# Case of the Day - Ultrasound Physics

Tuesday Case of the Day - Physics Zheng Feng Lu, Ph.D., Stephen Thomas, M.D. Department of Radiology, University of Chicago, Chicago, IL History: 50-year-old male underwent sonography of the urinary bladder for hematuria. Technique: Curvilinear array transducer C1-5 Mhz with a nominal frequency 4.0 MHz and a 15cm depth of field. Images A & B: Transverse images of the urinary bladder. Image A: Frame rate 3Hz with multiple focal zones

Image B: Frame rate 26Hz with single focal zone Question: What is the cause of the echogenic band (Arrow) obscuring part of the urinary bladder (image A)? a) Reverberation caused by multiple reflections between two strong reflectors. b) Range ambiguity caused by concurrent high pulse repetition frequency and large field depth. c) Speed error that occurs when sound wave travels through substances of different sound speed. d) Mirror image that duplicates a structure on the opposite side of a specular reflector. Diagnosis: The correct answer is (b), range ambiguity (artifact) caused by concurrent high pulse repetition frequency and large field depth.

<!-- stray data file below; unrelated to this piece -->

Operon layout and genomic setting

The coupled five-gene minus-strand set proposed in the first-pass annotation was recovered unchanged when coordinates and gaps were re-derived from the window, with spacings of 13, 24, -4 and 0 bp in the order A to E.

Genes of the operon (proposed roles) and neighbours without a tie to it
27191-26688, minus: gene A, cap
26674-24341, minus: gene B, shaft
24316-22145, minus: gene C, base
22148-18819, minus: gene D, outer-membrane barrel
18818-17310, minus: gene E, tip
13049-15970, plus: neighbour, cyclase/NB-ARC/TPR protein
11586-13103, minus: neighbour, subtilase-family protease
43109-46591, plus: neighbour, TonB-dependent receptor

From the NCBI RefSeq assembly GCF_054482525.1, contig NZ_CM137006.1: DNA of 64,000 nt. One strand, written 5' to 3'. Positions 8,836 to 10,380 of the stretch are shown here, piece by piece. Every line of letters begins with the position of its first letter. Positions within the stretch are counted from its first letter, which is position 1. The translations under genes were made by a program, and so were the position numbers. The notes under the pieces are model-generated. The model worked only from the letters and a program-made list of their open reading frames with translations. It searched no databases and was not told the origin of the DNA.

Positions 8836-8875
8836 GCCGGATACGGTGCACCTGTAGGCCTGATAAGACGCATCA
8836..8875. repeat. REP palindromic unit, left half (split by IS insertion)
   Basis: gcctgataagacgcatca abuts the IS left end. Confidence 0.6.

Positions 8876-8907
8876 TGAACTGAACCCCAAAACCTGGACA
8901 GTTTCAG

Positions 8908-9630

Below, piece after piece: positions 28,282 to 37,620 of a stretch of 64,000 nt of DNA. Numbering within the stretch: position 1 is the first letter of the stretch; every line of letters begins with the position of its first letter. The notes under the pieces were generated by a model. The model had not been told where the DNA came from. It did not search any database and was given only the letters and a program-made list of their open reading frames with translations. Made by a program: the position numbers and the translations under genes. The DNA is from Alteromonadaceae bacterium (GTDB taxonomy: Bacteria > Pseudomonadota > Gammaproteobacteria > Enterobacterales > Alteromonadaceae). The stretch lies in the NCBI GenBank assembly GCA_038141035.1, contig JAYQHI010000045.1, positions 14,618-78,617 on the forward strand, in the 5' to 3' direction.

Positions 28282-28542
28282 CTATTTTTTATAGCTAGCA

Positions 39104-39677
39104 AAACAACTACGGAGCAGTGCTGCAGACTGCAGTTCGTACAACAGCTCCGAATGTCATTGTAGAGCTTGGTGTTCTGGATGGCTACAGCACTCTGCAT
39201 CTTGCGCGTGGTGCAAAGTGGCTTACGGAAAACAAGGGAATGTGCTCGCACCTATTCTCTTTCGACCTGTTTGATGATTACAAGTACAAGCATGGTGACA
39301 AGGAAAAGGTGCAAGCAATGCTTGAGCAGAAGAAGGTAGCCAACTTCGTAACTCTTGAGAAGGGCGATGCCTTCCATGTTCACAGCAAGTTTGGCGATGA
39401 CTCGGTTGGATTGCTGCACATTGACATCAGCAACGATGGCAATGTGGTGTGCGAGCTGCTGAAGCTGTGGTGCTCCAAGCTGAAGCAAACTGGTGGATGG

Discussion A B-mode ultrasound image is formed by emitting a pulse and collecting the resultant echo signal along the insonified path. After each transmit pulse, sufficient time must be allocated for the echoes to return using the following range equation: D = ct/2 Where D is the depth, t is the delay time between pulse emission and echo reception and c is the sound propagation speed. Echoes from a deeper depth takes a longer time to return. When echoes from deep structure from the previous transmit pulses are received simultaneously as the echoes from shallow structure insonified by the present pulse, the range ambiguity artifact occurs. This typically happens when multiple focal zones are set for a large field-of-view because multiple pulses are needed along the same beam line while each pulse can only focus at one particular depth. Consequently, very high pulse repetition frequency is typically employed for multiple focal zone settings, which causes the range ambiguity artifact especially when the field-of-view is large. This may become more obvious when the object has low attenuation such as a urinary bladder. By reducing the number of focal zones to

one, the pulse repetition frequency is reduced; thus the range ambiguity artifact is removed. Clinically, range ambiguity artifact is important to recognize and correct as it can obscure important features such as tissue planes and organ pathology. References RT OBrien, JA Zagzebski and FA Delaney, Ultrasound corner: range ambiguity artifact, Veterinary Radiology & Ultrasound, Vol. 42, No. 6, 2001, pp 542 545. A Goldstein, Range ambiguities in real-time ultrasound, J Clin Ultrasound, Vol 9, No. 2, 1981, pp83-90.

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